IAWA publishes four issues of its journal every year, containing papers on all aspects of wood anatomy. Periodically, a symposium or group of papers addresses a particular subject, and in addition to including these papers in the journal, they are published as a special issue made available to a broader audience. This is the fourth special issue on tree-ring research, the previous ones being on ‘Growth rings in tropical trees’ (1989), ‘Growth periodicity in tropical trees’ (1995) and ‘Dendrochronology in Monsoon Asia’ (1999).
This volume contains nine papers which were presented at the first Asian Dendrochronological Conference in Bangkok in September 2007. The title does imply a wider coverage than the contents, and I anticipated more information on tropical taxa, which are admittedly more difficult to study because their growth rings are often less easy to recognise, interpret and correlate with climate. The papers in this volume cover studies in India (one paper), China (six papers), Japan (one paper) and South Korea (one paper). Most relate to conifer species (softwoods) rather than angiosperm trees (hardwoods), and apart from the first paper, none of the species studied or mentioned are tropical, despite the tropical location of the meeting. Since the papers are all quite different I will comment on each one's content in turn.
The first paper by Bhattacharyya & Shah is a review of tree ring research in India, concentrating on the Himalaya, Peninsular India and Tertiary fossil woods. Various species of Himalayan Abies, Cedrus, Picea, Pinus, Larix, Taxus and Tsuga are discussed, whereas for peninsular India the hardwoods Tectona grandis and Cedrela toona (now known as Toona ciliata) are the focus, with the statement that Michelia species are unsuitable for dendroclimatological analysis. Tertiary Araucarioxylon and Podocarpus are also mentioned, the former becoming extinct with increasing aridity and the second becoming endangered in southern and northeast India.
The second paper by Liang, Eckstein & Shao describes seasonal cambial activity of Pinus tabulaeformis at the northern limit of its natural distribution in semi-arid grassland in northern China. They found that cell division coincides with the highest monsoon precipitation and above 0°C daily minimum temperature and cambial activity coincides with the highest number of sunshine hours/day.
The third paper by Shao and seven others gives a climatic interpretation and dating of past events using a 3585 year chronology of Qilian Juniper (Juniperus przewalskii), a species endemic to northwest China. The chronology was based on an impressive 1438 series from 713 trees sampled from 22 archaeological sites, 24 living tree sites and 5 standing snags.
The fourth paper by Sho and four co-authors presents a 300 year record of ring width and stable isotope composition of Chamaecyparis obtusa from central Japan and discusses this in the context of hydrological and climatic implications.
The Qilian Mountains feature again in the fifth paper by Zhang and six others. Their study of two conifers (Juniperus przewalskii and Picea crassifolia) and two hardwoods (Populus davidiana, Betula platyphylla) provides a 1232 year record of climatic variability which the authors used to help interpret the Asian monsoon and the westerlies in northwest China over the last millennium.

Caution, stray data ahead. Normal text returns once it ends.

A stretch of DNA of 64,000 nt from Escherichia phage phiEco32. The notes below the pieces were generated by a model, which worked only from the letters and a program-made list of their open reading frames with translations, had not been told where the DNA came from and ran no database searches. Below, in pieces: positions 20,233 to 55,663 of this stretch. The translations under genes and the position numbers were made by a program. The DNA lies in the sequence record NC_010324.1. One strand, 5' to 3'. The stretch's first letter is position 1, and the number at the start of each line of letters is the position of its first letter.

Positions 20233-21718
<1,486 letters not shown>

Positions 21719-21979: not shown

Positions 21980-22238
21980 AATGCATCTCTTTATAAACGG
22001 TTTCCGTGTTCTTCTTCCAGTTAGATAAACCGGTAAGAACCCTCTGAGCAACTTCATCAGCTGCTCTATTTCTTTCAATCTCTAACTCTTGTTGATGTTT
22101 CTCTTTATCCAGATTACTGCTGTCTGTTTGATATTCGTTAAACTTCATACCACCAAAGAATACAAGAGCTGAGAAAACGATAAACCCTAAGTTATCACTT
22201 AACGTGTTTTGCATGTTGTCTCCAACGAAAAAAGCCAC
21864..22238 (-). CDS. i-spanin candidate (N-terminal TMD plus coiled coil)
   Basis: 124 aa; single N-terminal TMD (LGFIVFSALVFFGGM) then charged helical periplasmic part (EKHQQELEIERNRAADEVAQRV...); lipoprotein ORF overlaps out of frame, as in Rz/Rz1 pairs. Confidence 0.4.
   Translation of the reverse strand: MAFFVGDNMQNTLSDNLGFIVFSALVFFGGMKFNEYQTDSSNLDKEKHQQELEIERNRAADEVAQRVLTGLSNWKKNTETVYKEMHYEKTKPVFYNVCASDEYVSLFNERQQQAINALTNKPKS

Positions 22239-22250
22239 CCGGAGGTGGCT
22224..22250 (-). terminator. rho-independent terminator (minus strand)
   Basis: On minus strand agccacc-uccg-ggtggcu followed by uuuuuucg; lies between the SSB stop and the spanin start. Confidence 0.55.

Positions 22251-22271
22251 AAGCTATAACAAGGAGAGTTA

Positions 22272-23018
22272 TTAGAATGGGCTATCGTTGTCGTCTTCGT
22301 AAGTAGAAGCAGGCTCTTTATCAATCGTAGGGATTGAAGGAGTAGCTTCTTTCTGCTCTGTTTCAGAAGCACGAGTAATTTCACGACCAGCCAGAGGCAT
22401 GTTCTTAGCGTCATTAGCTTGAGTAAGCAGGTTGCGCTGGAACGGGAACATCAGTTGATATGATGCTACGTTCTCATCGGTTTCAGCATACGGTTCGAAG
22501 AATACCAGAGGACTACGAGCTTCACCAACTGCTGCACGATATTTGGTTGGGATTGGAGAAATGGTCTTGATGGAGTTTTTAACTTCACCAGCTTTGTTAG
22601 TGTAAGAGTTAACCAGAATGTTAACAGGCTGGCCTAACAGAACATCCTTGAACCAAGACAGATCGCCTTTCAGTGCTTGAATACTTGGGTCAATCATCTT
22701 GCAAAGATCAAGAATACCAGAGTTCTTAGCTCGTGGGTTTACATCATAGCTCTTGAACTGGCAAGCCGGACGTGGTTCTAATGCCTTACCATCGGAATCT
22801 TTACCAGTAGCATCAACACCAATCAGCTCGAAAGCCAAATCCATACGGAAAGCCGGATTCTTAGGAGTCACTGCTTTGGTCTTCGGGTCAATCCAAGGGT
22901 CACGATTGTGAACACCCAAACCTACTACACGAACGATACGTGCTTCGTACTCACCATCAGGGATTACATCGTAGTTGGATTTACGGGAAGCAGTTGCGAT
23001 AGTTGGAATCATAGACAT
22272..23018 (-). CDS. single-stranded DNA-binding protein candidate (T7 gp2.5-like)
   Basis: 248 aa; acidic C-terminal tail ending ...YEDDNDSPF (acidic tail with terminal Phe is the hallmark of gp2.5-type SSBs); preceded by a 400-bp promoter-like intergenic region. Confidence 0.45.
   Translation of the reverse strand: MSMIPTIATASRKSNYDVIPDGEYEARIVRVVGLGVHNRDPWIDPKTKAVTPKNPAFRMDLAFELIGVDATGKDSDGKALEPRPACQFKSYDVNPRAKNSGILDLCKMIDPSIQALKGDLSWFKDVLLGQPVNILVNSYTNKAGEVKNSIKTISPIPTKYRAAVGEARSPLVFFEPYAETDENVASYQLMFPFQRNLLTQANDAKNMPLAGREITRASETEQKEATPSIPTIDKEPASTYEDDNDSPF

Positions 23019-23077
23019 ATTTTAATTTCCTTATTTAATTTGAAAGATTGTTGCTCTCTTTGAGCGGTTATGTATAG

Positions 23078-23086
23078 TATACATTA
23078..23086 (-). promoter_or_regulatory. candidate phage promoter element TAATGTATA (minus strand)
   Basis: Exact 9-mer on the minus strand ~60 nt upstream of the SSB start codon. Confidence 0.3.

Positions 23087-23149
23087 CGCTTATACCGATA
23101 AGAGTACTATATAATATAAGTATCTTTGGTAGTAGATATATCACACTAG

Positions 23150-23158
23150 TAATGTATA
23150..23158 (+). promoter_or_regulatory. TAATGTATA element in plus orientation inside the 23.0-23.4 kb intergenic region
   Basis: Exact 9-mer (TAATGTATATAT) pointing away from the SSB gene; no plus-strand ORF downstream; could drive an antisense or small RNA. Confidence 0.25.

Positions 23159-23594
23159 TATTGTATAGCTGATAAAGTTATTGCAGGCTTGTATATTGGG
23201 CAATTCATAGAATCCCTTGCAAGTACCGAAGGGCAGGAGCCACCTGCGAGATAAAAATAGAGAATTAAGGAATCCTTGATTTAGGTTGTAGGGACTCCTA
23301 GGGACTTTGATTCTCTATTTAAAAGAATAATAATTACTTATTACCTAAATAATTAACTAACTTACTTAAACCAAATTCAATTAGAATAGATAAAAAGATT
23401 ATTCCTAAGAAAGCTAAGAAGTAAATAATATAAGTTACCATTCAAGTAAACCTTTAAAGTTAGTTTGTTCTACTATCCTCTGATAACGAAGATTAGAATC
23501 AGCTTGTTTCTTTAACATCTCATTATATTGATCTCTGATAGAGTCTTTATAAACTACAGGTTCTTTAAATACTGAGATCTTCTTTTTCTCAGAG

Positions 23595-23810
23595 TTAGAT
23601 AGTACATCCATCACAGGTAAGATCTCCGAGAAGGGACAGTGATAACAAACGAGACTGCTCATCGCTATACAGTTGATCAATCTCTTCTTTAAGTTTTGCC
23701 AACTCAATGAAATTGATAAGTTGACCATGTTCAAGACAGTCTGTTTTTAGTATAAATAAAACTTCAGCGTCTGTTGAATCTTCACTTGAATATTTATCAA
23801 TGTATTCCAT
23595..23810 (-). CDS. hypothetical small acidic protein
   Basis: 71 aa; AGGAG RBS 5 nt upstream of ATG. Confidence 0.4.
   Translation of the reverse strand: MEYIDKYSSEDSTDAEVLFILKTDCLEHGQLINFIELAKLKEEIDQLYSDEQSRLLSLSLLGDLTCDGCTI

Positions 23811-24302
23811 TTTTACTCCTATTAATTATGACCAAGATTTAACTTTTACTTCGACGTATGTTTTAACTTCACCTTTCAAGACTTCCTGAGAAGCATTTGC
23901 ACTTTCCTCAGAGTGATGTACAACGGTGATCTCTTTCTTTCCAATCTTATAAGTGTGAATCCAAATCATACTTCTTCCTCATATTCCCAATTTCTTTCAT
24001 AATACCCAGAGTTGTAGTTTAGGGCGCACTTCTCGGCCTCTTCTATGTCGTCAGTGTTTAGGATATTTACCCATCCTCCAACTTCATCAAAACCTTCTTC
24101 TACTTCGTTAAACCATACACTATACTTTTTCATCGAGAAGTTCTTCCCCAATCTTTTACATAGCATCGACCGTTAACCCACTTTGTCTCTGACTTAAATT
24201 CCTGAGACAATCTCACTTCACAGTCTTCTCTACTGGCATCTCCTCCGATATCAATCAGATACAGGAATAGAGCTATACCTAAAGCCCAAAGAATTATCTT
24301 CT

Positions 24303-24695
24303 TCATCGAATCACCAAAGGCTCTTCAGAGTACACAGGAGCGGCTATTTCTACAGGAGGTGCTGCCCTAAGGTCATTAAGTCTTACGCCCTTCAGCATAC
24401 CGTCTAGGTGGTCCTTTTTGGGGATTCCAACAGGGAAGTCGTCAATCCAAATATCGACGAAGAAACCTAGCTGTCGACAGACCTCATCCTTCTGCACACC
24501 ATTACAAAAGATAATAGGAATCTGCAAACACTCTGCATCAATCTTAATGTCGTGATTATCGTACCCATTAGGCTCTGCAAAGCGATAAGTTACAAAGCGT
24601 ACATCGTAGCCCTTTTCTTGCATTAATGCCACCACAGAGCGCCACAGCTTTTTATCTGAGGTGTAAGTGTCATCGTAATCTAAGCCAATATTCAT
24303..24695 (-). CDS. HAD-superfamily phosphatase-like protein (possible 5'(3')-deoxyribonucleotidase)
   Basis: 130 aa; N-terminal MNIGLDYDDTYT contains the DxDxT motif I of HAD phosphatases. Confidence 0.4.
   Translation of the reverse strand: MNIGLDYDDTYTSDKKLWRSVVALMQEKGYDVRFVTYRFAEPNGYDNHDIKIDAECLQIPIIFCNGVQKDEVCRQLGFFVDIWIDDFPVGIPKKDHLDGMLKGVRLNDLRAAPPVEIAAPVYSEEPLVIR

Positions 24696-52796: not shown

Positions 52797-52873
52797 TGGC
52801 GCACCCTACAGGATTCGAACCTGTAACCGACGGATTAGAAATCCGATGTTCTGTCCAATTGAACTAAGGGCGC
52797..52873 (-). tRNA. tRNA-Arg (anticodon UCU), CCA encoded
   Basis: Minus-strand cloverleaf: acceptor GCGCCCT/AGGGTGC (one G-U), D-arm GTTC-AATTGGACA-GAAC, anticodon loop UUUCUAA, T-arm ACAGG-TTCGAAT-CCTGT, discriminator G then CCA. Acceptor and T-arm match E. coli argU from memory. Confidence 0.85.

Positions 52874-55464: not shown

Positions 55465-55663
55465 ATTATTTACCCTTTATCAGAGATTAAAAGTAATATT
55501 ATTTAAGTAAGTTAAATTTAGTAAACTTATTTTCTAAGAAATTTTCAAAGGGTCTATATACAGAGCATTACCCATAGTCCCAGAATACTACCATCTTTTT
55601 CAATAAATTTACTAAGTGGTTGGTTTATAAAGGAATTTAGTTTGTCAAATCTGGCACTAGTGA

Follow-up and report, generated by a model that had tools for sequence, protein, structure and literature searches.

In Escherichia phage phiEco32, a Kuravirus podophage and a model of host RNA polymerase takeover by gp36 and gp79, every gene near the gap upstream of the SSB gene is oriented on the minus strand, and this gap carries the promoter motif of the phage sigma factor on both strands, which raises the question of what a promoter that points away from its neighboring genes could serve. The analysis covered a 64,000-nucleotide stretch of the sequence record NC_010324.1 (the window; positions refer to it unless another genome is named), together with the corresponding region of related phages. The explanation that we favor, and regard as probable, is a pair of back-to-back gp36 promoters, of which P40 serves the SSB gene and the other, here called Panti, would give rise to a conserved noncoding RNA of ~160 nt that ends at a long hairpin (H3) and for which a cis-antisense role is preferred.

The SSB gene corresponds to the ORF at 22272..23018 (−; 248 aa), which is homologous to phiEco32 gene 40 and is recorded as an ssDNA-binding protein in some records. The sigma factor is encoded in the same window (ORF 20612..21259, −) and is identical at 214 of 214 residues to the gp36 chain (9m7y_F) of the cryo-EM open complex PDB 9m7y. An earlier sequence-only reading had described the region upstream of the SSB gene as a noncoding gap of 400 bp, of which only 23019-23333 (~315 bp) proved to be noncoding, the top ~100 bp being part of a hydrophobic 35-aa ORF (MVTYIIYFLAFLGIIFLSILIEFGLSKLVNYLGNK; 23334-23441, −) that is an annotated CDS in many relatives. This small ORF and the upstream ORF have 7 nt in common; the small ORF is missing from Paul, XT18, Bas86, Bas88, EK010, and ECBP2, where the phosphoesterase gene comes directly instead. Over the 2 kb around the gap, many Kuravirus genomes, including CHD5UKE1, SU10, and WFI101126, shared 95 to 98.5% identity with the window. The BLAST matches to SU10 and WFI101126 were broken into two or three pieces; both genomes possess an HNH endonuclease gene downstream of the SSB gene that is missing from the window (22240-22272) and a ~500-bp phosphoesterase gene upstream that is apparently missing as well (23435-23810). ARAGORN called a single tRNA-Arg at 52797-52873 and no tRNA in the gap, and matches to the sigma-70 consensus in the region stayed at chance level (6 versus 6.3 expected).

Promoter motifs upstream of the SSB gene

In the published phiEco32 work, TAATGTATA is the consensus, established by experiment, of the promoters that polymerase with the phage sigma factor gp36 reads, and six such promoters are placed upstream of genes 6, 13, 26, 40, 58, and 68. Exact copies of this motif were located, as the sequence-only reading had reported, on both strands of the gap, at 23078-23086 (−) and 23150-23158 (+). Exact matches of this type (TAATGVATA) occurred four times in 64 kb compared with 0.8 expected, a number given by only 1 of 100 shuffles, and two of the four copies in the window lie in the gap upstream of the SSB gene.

Juniperus przewalskii is a popular species for dendroclimatological studies in the Qilian Mountains! In the sixth paper, Tian and four co-authors have described the regional mean temperature of May-June from 1700 to the present day in the area. Their reconstruction has extended the temperature record, correlated extremely high temperatures with droughts in the 1920s, and has provided long term temperature information documenting climate change in the region.
Guo and four others have used a 112 year chronology of Picea likiangensis and a 165 year chronology of Tsuga dumosa from Lijiang, northwest Yunnan in southern China for dendroclimatological purposes. This enabled them to recognise major wet periods in the 1860s, 1910s and 1940s, and drought periods from 1892-1905, 1914-24 and 1928-38. They also documented increasing precipitation from 1982 to 2003.
Fang and his eight co-authors discuss 14 tree ring chronologies along three altitudinal gradients for three mountain ranges in north central China using Pinus tabulaeformis, Picea crassifolia and Picea wilsonii. The ring width variation was more similar in the two spruces (Picea spp.). They discuss their results in relation to moisture stress, temperature and low and high frequency signals.
The final paper deviates from the dendroclimatological approach of most of the previous papers. Park & Lee studied South Korean coffin woods of a Diploxylon group pine, which they identified as probably Pinus densiflora. They estimated the trees to have been cut between 1633 and 1670, which is at least 100 years later than expected for this kind of grave.
In summary, this volume provides a large amount of detailed information on tree rings and dendroclimatology of temperate Asian conifers in particular. In this volume there is a strong bias towards China and especially the Qilian Mountains. The papers herein show a healthy research interest in tree rings in Asia and a strong desire to use the data collected in climate reconstruction. With increasing concerns regarding climate change and its potential impact on biodiversity, these studies are urgently needed and decision makers need to be encouraged to consider their implications. We all hear that past performance is no guarantee of future performance, but documenting past climatic events through growth rings certainly means that anticipating and modelling the future climate may be a realistic prospect. I thoroughly recommend this book to all those interested in climate, its effect on the growth of trees and what they can tell us about their environment.